article placeholder

Faith & Religion: Many options for LGBT worshippers

Rev. Glenna Shepherd (left to right), Rabbi Joshua Lesser, Rev. Paul Graetz and Rev.  Antonio Jones are among LGBT faith leaders in Atlanta

Gay and lesbian people of faith are in the midst of a modern Great Awakening. Once deemed outcasts from the majority of religions, they now have more opportunities to worship in affirming environments — whether gay churches, gay-friendly congregations and even more traditional churches that have tempered their hostility to homosexuality — than ever before.

Many LGBT worshippers and religious leaders are also re-examining their position in spiritual circles, moving from the fringes into more mainstream areas in order to keep up with rapid generational changes in society’s views of God and gays. Some are choosing to be advocates for gay inclusion in traditional congregations, while others are switching denominations in an attempt to join into “one body” with heterosexual members of their faith.

article placeholder

Faith & Religion: LGBT Atlantans who won fights to remain in their denominations

Rev. Erin Swenson and Pastor Bradley Schmeling

Rev. Erin Swenson

In 1973, Rev. Eric Karl Swenson was ordained by the Presbytery of Atlanta. But some 20 years later, Eric Swenson knew he was continuing to live a lie that he struggled with since early childhood. And so he began his transition from male to female and in 1996, Rev. Erin Swenson, after a few years of hard work, was able to keep her ordination. She made national news as the first known mainstream Protestant minister to keep her job during a gender transition.

Today, Swenson continues her work in the Presbyterian Church as well as advocacy for transgender people throughout the country. While the Presbyterian Church is currently struggling with gay and lesbian clergy being able to openly serve, Swenson continues to also work for the day when openly transgender clergy can also become ordained ministers in the Presbyterian Church.

article placeholder

Faith & Religion: 10 religious enemies of LGBT rights

Bishop Eddie Long tops the list of LGBT religious enemies

Some claim to love the sinner but hate the sin, while others simply love to hate us. Some think we make God angry enough to cause hurricanes and earthquakes, while others pour millions of dollars that could help needy people into keeping us from marriage.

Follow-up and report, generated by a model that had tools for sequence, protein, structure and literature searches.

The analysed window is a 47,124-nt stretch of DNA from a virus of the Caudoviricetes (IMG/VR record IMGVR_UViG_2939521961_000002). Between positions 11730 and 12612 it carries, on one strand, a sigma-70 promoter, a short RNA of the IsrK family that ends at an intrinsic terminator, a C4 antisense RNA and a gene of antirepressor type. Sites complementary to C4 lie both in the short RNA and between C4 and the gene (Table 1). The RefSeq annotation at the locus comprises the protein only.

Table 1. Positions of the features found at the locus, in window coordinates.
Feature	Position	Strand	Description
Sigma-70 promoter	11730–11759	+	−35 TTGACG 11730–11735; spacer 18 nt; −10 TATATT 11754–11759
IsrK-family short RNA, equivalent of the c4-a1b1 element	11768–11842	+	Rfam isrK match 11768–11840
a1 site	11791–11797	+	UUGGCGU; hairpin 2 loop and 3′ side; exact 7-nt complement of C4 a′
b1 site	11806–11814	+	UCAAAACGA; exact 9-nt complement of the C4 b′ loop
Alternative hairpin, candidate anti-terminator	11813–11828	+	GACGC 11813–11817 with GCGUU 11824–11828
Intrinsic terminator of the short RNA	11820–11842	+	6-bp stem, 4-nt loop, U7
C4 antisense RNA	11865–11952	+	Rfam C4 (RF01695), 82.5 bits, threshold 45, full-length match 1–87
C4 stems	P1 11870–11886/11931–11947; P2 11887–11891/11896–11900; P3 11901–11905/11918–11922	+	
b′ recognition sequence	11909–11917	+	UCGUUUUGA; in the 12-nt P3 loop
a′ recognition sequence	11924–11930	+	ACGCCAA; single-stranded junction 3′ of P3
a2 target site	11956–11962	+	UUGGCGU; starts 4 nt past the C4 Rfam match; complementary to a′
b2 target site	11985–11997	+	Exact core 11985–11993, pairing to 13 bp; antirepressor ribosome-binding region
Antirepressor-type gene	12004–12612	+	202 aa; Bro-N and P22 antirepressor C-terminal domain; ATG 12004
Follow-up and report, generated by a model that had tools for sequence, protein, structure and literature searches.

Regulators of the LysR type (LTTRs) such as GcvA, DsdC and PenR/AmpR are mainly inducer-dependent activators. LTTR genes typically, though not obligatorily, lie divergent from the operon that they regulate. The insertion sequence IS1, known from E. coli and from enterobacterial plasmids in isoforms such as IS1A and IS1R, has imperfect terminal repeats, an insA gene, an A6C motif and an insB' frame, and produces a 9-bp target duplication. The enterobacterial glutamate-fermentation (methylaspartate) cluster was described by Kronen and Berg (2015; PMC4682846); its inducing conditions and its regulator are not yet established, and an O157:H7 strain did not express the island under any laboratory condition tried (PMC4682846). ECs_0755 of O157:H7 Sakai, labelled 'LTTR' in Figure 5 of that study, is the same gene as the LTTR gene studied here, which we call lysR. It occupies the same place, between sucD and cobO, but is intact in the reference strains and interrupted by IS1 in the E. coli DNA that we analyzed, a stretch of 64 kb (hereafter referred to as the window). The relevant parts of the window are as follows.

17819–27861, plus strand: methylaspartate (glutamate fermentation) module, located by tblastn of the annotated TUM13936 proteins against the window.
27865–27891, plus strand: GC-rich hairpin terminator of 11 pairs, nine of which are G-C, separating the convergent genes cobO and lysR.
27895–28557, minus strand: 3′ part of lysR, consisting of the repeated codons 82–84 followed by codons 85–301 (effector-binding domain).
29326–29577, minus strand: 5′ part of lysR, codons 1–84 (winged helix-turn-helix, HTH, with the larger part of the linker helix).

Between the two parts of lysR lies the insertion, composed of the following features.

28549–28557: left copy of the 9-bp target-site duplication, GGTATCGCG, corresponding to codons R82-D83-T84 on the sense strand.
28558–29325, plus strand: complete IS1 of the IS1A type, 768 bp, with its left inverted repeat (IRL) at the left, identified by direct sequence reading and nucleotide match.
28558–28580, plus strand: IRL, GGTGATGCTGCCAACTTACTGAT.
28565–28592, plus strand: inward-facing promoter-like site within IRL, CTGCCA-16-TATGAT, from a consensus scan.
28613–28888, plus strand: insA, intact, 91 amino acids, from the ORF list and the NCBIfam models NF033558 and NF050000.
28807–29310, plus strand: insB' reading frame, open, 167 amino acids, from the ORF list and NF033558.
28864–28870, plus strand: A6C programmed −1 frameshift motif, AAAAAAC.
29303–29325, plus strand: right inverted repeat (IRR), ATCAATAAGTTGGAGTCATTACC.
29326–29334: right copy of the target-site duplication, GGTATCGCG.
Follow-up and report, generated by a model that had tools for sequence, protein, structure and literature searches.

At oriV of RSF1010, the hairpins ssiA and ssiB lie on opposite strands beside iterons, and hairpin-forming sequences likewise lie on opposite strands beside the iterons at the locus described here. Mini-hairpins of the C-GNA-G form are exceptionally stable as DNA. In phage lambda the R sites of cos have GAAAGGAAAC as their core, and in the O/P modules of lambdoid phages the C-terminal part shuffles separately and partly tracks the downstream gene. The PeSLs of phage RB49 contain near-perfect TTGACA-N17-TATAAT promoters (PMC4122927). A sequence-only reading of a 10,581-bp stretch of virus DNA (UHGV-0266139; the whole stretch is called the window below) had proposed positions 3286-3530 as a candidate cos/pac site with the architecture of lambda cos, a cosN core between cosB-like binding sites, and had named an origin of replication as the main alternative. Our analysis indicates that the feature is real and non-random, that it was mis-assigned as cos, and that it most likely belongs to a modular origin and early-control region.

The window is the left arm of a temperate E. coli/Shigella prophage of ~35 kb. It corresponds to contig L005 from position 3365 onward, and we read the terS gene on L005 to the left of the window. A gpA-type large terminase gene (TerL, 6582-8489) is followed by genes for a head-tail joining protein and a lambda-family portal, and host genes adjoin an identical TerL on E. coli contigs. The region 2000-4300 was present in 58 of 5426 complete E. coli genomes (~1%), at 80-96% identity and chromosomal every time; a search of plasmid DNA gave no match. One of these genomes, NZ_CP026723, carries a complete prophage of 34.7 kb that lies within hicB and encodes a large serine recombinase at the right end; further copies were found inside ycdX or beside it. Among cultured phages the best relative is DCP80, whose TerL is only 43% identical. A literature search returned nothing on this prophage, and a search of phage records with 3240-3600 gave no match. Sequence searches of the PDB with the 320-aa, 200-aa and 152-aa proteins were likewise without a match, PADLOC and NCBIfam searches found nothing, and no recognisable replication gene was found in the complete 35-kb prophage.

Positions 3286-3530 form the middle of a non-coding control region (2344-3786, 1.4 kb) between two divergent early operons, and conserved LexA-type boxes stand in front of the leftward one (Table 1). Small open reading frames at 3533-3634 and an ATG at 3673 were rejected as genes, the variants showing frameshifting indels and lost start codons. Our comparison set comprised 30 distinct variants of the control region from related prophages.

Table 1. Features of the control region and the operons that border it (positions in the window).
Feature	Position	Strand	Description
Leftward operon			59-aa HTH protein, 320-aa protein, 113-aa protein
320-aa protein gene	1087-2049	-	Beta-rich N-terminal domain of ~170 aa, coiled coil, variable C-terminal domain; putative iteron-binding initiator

Their strategies may vary, but their goal is the same: imposing their interpretations of the Bible on our civil rights. Here are 10 of the most anti-gay religious people or groups we face.

article placeholder

Faith & Religion: How to counter anti-gay religious arguments

The Holy Bible

From slogans to the so-called “clobber” passages, verses in the Bible commonly used to condemn homosexuality, we as LGBT people frequently encounter religious objections to everything from our full equality to our very existence.

Rev. Mel White, a former speechwriter for Jerry Falwell turned openly gay religious leader, attacks these arguments head on in “What the Bible Says (And Doesn’t Say) About Homosexuality,” a 24-page booklet available through Soulforce, the organization White founded to counter anti-LGBT religious bigotry with non-violence.

Here are excerpts to help you counter and understand the passages commonly used against us. You can download the entire PDF for free or order a print copy for $3 at www.soulforce.org.

article placeholder

Faith & Religion: Beyond Judeo-Christian traditions

Lesbian Buddhist says meditation helps keep her grounded

While Christianity is said to be the most popular religion worldwide, there are plenty of people — and plenty of LGBT people — who do not follow the teachings of Jesus. This can sometimes be tough, especially when living in the Bible belt, but many in Atlanta’s gay community prefer to believe in other entities — or not believe in any at all.

article placeholder

Faith & Religion: Is religious faith important to you?

Zachary MaxeyZachary Maxey
24 • Riverdale • Gay

“I used to [attend church], but not any more. I’m a student at Georgia State so I do go to that Catholic Church by Underground for Mass sometimes when I have time. … With me and my religion I try not to allow the organized aspect to concern me from having a relationship with God. I separate it because I know that people aren’t God. They say they know, but they don’t know. I just try to live a good life and do all the right things and not really let that concern me.”

article placeholder

Guest Editorial: A spiritual call for LGBT unity

We know the LGBTQIA community has made a great deal of progress over the past 40 years. This progress has come because the community as a whole has stepped far out of the closet into the every day world.

There is no place one can go and not find well-adjusted and successful folk. “Don’t Ask, Don’t Tell” is about to become a thing of the past. More states are granting rights to same-sex couples. The national polls show we are making great strides to become an accepted part of society.

The more we are honest about who we are and who we love, the more true is Rev. Troy Perry’s proclamation of 30 years ago: “To know us is to love us!”

In every major faith there are affirming congregations who stand proudly for and with us as a whole people of God. We participate in many sports and excel right next to our straight sisters and brothers. We even run for public office and win.